The Office of General Counsel issued the following opinion on December 16, 2003, representing the position of the New York State Insurance Department.
Re: Health Insurance, Retroactive Reversal of Claim
1. May an insurer recover payments made in error when, under the applicable Coordination of Benefits provision in the policy or contract, another insurer should have been primary?
2. May the insured now submit a claim to the appropriate insurer?
1. There is nothing in the New York Insurance Law (McKinney 2000 and 2003 Supplement) or the regulations issued thereunder that would prevent such a recovery. The right of the insurer to recover such payments from the participating provider may be governed by the contract between the insurer and the provider.
2. Depending upon the language of the insurance policy or contract and the factual circumstances, such a claim might be timely.
The inquirers client, Mrs. A, has been a New York City school teacher since August 2001 and has health insurance coverage through her employment. Prior to becoming so employed, she was covered as a dependent under a policy issued to her husbands employer and submitted claims for these services to that insurer.
For a period of time after becoming employed by New York City, Mrs. A received medical services from a physician who was a participating physician with the insurer which had issued the policy to her husbands employer and that insurer made payments to the physician. The insurer recently discovered that, since August 2001, because of Mrs. As coverage through her employment, the insurer that issued a policy to the employer, should have been primary. Accordingly, the insurer that had paid the claim requested a refund of the amounts paid from its participating provider.
The inquirer has heard anecdotally that an insurer may not go back more than one year in requiring reimbursement of payments made in error and seeks confirmation of his understanding. In addition, Mrs. A fears that, if the physician must refund the payments to the insurer that made them, he or she will then charge her directly and that she will be unable to submit a claim to the insurer which issued the group policy to her employer.
New York Insurance Law § 4235(c)(1)(A) (McKinney 2000 and 2003 Supplement) authorizes the issuance of a group health insurance policy or contract to an employer covering the employees of that employer. New York Insurance Law § 4235(c)(1), applicable to commercial insurers, provides that a group health insurance policy may cover an employed individuals dependents. New York Insurance Law § 4305(c)(1) (McKinney 2000 and 2003 Supplement) has a similar authorization for group contracts issued by not-for-profit health insurers and Health Maintenance Organizations.
The Department has issued a regulation, Regulation 62, effectuating the various statutory requirements for health insurance. That regulation provides, N.Y. Comp. Codes R. & Regs. tit. 11, § 52.23(2002):
(a) This section is intended to establish uniformity in the permissive use of overinsurance provisions and to avoid claim delays and misunderstandings that could otherwise result from the use of inconsistent or incompatible provisions among plans.
(b) A coordination of benefits (COB) provision is one that is intended to avoid claims payment delays and duplication of benefits when a person is covered by two or more plans providing benefits or services for medical, dental or other care or treatment. It avoids claims payment delays by establishing an order in which plans pay their claims and providing the authority for the orderly transfer of information needed to pay claims promptly. . . .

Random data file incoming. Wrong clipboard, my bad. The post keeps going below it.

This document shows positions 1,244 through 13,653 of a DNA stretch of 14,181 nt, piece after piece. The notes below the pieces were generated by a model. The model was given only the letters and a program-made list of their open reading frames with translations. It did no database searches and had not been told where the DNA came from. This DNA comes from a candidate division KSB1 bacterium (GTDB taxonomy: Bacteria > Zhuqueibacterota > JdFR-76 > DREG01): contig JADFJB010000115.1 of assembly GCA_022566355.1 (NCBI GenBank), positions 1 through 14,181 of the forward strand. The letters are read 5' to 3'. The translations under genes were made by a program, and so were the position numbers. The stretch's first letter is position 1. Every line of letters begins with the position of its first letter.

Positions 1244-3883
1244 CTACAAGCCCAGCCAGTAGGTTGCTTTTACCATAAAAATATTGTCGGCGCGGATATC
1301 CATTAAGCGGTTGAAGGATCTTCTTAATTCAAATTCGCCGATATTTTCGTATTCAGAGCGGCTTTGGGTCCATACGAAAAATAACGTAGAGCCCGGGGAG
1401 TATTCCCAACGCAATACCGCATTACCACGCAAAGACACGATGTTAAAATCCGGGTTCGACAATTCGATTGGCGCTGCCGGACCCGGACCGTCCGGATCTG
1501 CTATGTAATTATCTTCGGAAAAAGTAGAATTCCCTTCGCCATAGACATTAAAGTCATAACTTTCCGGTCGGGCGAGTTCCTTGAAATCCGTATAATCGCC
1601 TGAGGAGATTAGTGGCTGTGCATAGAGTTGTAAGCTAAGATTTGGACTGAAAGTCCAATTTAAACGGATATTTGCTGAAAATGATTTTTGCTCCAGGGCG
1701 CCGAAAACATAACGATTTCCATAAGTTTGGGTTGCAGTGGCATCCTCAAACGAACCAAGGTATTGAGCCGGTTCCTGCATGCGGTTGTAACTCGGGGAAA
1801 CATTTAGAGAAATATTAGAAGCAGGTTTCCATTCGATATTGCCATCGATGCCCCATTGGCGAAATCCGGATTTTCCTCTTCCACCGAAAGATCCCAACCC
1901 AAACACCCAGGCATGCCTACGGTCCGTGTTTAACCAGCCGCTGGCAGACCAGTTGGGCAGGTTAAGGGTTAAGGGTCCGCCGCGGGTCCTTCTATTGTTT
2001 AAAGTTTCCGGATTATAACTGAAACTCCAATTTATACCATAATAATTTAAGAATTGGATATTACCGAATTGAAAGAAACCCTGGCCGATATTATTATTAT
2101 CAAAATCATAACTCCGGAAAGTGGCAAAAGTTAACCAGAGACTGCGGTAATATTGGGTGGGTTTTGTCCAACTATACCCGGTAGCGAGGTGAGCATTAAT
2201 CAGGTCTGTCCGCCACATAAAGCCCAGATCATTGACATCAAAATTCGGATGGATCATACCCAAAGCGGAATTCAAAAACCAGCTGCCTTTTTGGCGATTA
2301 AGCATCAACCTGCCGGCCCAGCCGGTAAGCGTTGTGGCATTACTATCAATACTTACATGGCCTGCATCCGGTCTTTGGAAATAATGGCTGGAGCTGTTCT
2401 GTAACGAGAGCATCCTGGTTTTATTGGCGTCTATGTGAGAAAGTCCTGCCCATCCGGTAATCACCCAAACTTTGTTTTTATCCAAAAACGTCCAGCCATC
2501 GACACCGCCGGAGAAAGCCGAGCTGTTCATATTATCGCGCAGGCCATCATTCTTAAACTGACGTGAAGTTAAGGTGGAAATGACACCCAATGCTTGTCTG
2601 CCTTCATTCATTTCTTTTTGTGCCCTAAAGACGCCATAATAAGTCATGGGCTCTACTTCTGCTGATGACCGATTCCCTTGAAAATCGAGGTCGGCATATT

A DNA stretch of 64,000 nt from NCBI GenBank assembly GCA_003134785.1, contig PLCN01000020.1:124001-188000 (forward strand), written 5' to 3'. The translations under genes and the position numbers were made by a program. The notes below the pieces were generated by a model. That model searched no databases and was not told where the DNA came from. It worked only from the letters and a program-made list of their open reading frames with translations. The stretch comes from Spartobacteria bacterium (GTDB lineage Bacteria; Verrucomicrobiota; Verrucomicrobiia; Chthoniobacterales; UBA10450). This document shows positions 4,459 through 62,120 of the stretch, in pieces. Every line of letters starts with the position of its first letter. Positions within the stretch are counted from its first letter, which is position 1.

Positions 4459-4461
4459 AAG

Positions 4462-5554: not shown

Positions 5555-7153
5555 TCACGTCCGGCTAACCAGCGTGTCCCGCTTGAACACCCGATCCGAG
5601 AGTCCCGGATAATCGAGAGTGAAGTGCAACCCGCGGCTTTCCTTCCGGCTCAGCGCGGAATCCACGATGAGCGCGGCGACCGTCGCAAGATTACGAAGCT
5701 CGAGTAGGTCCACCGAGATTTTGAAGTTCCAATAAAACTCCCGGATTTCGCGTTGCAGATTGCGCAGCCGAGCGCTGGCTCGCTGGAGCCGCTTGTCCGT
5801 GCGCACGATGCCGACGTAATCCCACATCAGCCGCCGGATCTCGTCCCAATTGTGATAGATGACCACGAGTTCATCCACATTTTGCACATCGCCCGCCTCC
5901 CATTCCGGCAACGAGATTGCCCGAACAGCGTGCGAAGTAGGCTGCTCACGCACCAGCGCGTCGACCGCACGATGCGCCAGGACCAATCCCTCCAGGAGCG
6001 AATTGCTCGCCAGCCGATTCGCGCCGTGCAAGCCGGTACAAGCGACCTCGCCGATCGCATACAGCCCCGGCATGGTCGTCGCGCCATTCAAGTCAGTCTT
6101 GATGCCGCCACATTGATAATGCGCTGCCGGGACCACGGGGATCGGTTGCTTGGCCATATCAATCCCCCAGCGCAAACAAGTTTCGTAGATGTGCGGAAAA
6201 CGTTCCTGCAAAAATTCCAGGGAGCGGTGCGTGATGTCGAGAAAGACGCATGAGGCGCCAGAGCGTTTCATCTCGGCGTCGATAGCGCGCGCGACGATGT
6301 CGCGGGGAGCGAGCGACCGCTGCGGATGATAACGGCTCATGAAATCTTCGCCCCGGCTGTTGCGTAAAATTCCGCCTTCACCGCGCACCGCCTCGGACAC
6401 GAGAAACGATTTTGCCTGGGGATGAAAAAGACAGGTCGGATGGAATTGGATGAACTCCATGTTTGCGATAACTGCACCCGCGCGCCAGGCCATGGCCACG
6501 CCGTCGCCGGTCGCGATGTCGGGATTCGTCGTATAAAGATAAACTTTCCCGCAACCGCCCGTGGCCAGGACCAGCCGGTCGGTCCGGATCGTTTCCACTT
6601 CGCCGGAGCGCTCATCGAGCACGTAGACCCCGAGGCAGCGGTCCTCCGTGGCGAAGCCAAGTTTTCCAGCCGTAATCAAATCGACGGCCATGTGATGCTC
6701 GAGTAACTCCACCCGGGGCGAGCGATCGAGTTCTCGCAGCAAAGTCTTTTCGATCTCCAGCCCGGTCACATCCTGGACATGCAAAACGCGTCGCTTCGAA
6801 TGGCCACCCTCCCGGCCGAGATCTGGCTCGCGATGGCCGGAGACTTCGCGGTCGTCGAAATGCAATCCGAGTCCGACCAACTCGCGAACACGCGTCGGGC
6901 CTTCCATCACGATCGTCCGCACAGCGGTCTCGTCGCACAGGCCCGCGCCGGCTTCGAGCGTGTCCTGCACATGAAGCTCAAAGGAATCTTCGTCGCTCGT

(n) Order of benefit determination rules. (1) The primary plan must pay or provide its benefits as if the secondary plan or plans did not exist. A secondary plan may take the benefits of another plan into account only when, under these rules, it is secondary to that other plan. . . . (3) The order of benefit payments is determined using the first of the following rules which applies: (i) the benefits of a plan which covers the person as an employee, member or subscriber . . . are determined before those of a plan which covers the person as a dependent; . . . .
Accordingly, after August 2001, Mrs. As claims should have been submitted first to the insurer covering her as an employee and thus her husbands insurer is correct in asserting that it had paid its participating provider in error.
There is nothing in the New York insurance Law or the regulations issued thereunder that would restrict the ability of an insurer to recover payments made in error to a participating provider. However, the right of the insurer to collect such payments may be governed by the contract between the insurer and the provider.
New York Insurance Law § 3221(a)(8) (McKinney 2000 and 2003 Supplement), dealing with group health insurance policies of commercial insurers, provides that such policies must contain a provision at least as beneficial to the insured as:
That written notice of claim must be given to the insurer within twenty days after the occurrence or commencement of any loss covered by the policy. Failure to give notice within such time shall not invalidate or reduce any claim if it shall be shown not to have been reasonably possible to give such notice and that notice was given as soon as was reasonably possible.
While such a provision is not required in group contracts issued by not-for-profit health insurers and HMOs, many such companies do include a similar provision in their contracts.
It is possible, if the language of Mrs. As policy or contract so provides and if a reasonable explanation is provided, that said insurer will still accept the claims.
For further information you may contact Principal Attorney Alan Rachlin at the New York City office.